Katie Goldenhar – Horticulture Pathologist
Anthracnose of garlic has been reported to infect only garlic scapes and bulbils. This disease has been observed in multiple northern US states including New York, Maryland and Indiana. In the early summer of 2022, lesions were seen on garlic scapes in Ontario (Figure 1). These lesions were orange, and sunken and spores were seen as a mat on the lesion surface as weather conditions were conducing to sporulation. The disease was confirmed using microscopy (Figure 2).
This is the first confirmed report of anthracnose of garlic scapes in Ontario. The disease is caused by the fungal pathogen Colletotrichum fioriniae, which has a wide host range. This pathogen can cause disease in apples and pears (bitter rot) and celery (leaf curl). Colletotrichum fioriniae has also been reported to infect and survive on numerous common weed species.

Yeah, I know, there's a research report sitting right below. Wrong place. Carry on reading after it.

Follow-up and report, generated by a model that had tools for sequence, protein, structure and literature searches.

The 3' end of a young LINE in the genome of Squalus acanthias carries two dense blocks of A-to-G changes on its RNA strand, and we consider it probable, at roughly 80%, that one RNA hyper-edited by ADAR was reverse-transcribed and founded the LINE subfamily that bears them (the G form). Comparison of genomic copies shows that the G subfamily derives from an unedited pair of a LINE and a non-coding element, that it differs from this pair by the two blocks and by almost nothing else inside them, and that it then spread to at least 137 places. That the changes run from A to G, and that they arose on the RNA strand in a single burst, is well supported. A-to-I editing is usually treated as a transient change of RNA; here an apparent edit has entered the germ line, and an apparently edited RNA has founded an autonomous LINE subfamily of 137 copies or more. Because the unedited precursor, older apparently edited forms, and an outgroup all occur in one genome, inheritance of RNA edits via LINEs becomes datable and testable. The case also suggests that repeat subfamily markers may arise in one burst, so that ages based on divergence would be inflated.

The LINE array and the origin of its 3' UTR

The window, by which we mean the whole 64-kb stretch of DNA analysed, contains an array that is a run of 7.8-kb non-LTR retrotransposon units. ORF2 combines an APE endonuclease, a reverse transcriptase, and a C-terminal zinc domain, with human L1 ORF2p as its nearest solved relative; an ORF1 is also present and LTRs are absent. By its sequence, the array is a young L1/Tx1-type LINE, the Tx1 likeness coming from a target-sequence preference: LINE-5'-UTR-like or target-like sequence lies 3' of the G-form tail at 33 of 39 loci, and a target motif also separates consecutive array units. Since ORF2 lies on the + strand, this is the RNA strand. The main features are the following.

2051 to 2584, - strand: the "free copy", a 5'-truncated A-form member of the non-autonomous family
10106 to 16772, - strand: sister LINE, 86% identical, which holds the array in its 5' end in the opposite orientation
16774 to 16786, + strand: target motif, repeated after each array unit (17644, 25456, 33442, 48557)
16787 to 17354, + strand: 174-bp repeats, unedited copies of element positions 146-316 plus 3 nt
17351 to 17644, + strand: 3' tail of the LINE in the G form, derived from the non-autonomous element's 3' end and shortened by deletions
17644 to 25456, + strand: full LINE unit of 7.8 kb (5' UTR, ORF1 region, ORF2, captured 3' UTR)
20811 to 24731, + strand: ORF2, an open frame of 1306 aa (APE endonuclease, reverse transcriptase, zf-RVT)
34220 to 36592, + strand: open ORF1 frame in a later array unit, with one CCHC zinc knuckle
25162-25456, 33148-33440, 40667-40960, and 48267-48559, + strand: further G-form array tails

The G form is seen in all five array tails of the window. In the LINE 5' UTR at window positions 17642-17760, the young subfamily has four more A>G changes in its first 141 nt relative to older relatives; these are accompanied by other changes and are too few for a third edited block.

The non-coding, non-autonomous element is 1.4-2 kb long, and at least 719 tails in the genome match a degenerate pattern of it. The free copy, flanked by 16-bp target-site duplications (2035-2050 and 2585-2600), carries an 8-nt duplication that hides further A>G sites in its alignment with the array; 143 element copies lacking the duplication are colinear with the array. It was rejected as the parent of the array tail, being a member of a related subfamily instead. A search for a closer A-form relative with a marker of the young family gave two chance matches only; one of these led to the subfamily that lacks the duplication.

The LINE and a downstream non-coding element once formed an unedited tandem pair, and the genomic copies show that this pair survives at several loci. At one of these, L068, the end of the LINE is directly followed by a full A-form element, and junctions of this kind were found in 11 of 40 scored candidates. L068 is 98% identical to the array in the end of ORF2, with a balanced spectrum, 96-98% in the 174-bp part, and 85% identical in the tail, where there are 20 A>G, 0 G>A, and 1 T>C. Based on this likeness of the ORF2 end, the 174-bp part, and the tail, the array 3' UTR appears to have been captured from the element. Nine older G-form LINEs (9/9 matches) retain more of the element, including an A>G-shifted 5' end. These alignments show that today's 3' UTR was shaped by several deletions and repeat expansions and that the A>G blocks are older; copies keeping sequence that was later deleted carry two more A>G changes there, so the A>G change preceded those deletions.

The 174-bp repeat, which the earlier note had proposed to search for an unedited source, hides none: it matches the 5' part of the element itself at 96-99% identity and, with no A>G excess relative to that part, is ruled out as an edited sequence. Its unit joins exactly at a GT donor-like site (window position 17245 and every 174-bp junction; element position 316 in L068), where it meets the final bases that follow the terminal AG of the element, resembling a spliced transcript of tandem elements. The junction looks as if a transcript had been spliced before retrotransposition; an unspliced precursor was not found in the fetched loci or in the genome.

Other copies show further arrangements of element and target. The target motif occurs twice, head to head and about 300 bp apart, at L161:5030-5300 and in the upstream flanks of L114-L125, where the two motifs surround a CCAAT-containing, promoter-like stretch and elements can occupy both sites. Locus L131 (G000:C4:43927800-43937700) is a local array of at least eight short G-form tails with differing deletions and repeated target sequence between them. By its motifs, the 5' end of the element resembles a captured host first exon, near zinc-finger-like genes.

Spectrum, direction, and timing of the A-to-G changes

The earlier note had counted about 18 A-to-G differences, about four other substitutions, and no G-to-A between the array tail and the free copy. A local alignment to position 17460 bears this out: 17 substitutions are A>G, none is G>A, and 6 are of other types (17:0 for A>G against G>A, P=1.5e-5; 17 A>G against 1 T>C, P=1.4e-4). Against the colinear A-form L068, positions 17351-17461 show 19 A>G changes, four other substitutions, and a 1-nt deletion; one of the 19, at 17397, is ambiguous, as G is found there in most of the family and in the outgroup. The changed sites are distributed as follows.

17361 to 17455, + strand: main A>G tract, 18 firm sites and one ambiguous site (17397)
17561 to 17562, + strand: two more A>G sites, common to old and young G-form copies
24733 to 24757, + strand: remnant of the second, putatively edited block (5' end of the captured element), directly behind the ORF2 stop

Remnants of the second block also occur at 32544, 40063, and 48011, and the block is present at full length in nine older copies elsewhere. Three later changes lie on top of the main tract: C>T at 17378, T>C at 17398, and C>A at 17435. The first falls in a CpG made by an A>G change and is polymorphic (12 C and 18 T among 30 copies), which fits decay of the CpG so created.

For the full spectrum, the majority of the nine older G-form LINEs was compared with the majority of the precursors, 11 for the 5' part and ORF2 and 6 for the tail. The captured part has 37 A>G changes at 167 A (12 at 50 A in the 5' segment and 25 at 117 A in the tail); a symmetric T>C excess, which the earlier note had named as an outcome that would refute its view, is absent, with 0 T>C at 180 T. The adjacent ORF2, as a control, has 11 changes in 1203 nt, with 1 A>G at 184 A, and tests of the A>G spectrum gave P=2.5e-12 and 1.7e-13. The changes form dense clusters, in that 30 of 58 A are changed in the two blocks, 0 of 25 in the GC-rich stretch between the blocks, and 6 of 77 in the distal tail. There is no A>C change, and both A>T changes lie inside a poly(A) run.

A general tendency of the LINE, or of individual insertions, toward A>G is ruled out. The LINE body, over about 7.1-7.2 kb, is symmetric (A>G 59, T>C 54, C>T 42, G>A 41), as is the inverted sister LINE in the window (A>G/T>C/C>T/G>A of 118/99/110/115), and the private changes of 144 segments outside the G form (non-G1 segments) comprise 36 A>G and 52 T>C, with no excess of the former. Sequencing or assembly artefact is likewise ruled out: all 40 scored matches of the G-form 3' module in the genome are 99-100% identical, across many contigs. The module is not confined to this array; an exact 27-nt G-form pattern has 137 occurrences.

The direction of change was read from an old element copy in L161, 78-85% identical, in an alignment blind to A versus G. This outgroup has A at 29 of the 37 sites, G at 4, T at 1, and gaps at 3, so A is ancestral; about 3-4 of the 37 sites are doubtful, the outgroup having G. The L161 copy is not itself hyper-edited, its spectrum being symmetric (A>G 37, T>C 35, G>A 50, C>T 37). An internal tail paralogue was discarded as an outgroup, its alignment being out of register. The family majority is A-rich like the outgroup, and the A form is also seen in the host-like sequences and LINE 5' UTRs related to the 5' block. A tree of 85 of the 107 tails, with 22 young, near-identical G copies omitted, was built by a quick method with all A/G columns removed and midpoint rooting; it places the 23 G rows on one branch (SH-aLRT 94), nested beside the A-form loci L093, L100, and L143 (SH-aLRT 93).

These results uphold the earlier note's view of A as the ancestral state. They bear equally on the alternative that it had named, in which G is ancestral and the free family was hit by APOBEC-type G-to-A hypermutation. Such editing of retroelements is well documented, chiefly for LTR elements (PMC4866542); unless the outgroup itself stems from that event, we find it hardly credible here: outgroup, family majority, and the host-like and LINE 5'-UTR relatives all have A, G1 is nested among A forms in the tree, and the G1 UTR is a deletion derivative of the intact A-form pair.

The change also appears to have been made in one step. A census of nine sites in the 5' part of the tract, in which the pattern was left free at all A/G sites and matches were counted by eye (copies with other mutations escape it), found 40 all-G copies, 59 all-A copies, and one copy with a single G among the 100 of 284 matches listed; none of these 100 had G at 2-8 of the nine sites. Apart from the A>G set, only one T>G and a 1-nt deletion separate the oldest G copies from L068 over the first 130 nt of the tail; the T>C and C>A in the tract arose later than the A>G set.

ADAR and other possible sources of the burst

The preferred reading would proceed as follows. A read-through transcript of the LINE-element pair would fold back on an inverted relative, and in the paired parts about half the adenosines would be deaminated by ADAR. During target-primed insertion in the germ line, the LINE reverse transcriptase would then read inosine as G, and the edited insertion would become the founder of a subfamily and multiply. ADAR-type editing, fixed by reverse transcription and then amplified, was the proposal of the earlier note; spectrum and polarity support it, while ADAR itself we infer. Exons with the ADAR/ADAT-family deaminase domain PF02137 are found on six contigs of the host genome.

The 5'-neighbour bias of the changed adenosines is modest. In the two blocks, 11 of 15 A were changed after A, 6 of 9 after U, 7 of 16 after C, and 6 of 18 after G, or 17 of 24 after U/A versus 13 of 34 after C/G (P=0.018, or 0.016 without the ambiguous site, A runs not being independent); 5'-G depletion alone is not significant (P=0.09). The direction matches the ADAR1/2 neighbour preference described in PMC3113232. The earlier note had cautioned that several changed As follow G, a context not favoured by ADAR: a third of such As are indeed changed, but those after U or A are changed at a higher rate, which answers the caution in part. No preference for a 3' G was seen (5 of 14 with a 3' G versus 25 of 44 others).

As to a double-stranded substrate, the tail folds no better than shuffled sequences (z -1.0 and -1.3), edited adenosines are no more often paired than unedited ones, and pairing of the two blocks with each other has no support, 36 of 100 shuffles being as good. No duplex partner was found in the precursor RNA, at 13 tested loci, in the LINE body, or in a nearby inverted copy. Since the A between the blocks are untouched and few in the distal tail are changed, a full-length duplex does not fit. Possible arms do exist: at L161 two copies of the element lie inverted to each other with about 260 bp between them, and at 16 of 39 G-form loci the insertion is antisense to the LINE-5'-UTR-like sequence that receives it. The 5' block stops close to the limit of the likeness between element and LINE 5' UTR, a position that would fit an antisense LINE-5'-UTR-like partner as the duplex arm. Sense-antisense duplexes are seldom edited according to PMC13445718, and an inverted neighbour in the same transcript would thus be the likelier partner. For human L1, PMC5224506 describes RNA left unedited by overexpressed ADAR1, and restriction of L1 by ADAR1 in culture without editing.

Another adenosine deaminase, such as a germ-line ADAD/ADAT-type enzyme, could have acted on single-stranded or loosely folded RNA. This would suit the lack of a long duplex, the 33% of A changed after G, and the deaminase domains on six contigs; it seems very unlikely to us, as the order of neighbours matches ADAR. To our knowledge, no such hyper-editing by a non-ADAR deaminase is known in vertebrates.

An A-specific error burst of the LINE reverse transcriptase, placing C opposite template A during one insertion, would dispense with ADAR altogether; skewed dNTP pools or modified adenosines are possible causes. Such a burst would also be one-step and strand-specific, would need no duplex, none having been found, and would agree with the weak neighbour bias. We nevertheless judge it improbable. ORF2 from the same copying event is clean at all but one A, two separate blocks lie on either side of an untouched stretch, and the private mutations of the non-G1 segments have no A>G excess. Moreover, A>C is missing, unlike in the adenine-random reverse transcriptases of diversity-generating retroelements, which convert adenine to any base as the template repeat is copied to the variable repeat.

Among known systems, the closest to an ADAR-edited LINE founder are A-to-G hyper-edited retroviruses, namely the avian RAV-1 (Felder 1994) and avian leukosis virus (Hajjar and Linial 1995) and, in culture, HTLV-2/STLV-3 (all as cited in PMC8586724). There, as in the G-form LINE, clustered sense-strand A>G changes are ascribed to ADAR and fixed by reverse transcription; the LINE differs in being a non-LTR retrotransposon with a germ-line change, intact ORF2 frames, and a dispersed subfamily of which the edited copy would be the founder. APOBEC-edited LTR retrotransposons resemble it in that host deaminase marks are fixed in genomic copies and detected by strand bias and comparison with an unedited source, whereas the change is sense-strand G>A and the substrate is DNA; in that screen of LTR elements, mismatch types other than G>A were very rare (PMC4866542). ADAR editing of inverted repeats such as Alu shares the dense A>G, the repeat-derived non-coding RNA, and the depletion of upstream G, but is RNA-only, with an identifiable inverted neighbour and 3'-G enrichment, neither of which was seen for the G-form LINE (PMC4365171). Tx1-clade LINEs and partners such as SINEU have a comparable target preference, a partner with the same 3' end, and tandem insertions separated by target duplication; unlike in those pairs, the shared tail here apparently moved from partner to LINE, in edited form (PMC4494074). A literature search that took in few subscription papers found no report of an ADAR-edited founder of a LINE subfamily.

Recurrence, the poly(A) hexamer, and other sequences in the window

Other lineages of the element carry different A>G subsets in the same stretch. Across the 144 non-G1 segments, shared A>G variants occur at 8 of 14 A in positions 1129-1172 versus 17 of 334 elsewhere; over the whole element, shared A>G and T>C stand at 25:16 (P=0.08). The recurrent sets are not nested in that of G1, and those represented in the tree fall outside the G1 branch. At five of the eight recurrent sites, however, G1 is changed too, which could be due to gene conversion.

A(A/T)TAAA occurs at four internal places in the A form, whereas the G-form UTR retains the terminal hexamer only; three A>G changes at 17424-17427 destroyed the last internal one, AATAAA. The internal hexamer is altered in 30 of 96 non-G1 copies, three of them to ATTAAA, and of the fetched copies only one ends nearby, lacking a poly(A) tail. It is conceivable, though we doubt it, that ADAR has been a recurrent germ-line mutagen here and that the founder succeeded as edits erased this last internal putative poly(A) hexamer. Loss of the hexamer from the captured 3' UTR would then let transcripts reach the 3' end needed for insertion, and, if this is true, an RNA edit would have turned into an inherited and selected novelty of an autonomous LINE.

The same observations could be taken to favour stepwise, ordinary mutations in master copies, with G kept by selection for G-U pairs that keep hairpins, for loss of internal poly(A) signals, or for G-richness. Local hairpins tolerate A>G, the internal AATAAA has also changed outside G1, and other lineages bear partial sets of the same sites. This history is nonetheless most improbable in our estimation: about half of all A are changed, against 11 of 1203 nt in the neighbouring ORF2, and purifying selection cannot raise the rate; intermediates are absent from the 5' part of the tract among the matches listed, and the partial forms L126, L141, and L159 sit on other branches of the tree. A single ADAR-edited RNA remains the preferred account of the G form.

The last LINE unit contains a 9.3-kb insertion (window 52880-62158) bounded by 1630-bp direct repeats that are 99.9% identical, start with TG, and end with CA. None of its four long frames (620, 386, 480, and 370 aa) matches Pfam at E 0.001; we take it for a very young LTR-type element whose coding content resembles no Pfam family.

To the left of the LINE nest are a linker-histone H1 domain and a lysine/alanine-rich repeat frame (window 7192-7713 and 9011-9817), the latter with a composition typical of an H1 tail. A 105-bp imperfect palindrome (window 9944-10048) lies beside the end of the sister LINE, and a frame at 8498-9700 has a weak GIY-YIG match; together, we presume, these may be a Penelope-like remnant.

Temperatures from 25°C–30°C are optimum for disease development. Sporulation is triggered when at least 12 hr of leaf wetness have occurred. Spores are moved by splashing during rain or irrigation. Driving winds can move spores, but in general, spores do not travel well in wind. People and equipment can easily spread spores across fields and to other fields. Colletotrichum fioriniae can overwinter as mycelium on infected plants. Bulbils can be infected and result in the spread of disease. Overwintered mycelium can infect scapes the following spring.
Anthracnose of garlic does not seem to affect bulbs. If scapes are removed for consumption, scape yield may be reduced. The disease will negatively affect bulbil production for propagation.